Small things can have big impacts. That's the theme of this book, and it largely delivers. We get 52 shortish chapters on a different aspect of persuasion.
Like this ... people are more likely to give money to a hurricane disaster appeal if the hurricane has the same name as them. Or if the name of the hurricane begins with the same letter as their name.
And to back it up each of these little nuggets is backed up with genuine research. Scientific research. By blokes with white coats and pens in their top pockets.
It's well written, informative, credible. Unlike many of similar self-help books it doesn't take one little scrap of wisdom and blow it up into an entire book.
There are slight niggles. For one thing the book is crying out for a summary. Each chapter heading is a question "What small change could achieve X and Y". And while that makes for a teasing start to a chapter, it makes it difficult to find the nugget that you want. A simple list of the 52 ideas would be great (although it might remove the need to buy the entire book).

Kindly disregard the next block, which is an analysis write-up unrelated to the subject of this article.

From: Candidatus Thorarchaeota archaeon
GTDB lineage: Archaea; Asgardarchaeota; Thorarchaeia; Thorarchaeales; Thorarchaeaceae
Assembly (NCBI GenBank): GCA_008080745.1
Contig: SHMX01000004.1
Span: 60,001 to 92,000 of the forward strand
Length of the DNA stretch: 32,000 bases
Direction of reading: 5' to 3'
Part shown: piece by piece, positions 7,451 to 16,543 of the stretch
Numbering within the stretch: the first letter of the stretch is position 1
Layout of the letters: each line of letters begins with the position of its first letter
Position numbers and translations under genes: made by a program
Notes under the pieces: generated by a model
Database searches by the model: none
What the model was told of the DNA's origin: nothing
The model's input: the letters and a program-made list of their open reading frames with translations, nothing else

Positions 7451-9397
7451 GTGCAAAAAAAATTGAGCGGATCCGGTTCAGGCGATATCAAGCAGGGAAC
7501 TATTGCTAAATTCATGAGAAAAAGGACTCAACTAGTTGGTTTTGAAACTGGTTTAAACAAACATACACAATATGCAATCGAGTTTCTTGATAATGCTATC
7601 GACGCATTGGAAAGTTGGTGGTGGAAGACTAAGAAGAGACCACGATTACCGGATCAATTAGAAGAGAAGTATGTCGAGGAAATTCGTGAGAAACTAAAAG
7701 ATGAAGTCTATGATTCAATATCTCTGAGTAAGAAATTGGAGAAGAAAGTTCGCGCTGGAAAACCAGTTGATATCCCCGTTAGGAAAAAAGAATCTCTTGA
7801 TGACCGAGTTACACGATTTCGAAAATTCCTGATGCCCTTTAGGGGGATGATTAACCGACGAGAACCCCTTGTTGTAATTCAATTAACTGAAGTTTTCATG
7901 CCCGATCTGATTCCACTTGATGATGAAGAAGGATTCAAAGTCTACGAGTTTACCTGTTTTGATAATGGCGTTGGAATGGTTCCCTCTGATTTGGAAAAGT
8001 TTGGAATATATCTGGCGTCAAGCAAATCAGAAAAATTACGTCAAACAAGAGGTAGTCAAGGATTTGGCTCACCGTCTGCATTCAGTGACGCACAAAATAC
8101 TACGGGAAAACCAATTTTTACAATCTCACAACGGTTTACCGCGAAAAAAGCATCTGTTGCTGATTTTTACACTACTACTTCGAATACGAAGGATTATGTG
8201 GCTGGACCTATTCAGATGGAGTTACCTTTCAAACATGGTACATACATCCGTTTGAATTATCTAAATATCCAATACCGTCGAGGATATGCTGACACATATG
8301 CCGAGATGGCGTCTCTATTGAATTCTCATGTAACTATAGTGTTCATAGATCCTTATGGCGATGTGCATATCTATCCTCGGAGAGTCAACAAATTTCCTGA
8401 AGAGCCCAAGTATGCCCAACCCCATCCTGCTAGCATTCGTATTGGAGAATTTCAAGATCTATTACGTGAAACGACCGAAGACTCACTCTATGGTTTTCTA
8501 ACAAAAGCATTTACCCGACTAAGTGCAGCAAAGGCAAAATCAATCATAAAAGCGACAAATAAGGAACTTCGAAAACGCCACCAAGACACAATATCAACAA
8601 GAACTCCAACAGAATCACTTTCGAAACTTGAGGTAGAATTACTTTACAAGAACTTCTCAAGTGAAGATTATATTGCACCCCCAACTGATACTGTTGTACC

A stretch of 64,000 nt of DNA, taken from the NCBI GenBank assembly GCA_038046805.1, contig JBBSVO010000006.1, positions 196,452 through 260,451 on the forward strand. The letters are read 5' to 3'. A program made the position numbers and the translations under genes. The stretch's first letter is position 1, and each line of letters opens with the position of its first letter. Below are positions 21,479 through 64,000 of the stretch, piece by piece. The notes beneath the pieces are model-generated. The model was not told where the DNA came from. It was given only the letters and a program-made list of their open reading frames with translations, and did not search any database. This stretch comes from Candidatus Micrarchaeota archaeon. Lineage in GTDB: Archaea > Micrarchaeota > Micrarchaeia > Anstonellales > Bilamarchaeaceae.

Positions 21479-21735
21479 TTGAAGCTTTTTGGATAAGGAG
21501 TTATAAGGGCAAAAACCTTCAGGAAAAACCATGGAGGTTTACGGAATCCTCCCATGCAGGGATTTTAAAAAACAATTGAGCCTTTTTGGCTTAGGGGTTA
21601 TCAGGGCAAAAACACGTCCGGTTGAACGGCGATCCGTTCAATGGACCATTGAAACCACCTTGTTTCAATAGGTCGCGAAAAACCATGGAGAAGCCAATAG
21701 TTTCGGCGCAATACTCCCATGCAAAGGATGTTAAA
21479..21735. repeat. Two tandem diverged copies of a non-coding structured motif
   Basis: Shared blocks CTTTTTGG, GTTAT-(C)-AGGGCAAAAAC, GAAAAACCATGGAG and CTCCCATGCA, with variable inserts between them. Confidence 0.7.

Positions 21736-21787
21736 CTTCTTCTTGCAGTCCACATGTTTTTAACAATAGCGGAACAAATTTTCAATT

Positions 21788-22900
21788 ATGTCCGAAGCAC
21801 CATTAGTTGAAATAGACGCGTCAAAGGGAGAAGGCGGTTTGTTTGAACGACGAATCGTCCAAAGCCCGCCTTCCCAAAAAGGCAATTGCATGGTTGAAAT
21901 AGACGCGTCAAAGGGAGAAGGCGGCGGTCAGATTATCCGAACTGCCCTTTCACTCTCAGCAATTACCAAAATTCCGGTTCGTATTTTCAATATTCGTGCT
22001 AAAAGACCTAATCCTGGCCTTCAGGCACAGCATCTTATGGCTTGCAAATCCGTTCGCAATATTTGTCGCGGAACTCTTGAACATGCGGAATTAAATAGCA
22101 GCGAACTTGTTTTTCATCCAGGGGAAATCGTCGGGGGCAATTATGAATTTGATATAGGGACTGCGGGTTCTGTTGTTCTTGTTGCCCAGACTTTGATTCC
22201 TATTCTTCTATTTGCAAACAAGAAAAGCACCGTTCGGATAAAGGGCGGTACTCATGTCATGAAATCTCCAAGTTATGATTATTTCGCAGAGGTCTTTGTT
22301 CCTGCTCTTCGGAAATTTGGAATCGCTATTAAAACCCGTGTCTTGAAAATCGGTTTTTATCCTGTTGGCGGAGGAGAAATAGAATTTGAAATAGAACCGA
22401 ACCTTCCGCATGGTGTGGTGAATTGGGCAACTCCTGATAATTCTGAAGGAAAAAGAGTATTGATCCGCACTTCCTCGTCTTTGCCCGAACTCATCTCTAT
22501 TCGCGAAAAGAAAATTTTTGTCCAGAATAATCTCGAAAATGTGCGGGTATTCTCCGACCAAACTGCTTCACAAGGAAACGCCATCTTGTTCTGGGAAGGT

One other niggle is that there is one example of schoolboy humour that ought to have been zapped in the edit. The footnote to chapter 7 doesn't add anything and will annoy some readers. Please delete it for the next edition.
Recommended if you are in the business of trying to persuade people to do something.
I have one hesitation. The science of persuasion is becoming more and more sophisticated. If businesses and politicians use these sorts of techniques, then we all need to know about them. Not only do we need to know how to use these techniques, we also need to be able to spot when they are being used against us.
Perhaps that's another reason to buy this book. Five stars. If the rating system allowed it, I'd knock of a couple of percentage points for the lack of a summary and that footnote to chapter 7. But it's still five stars. Good book.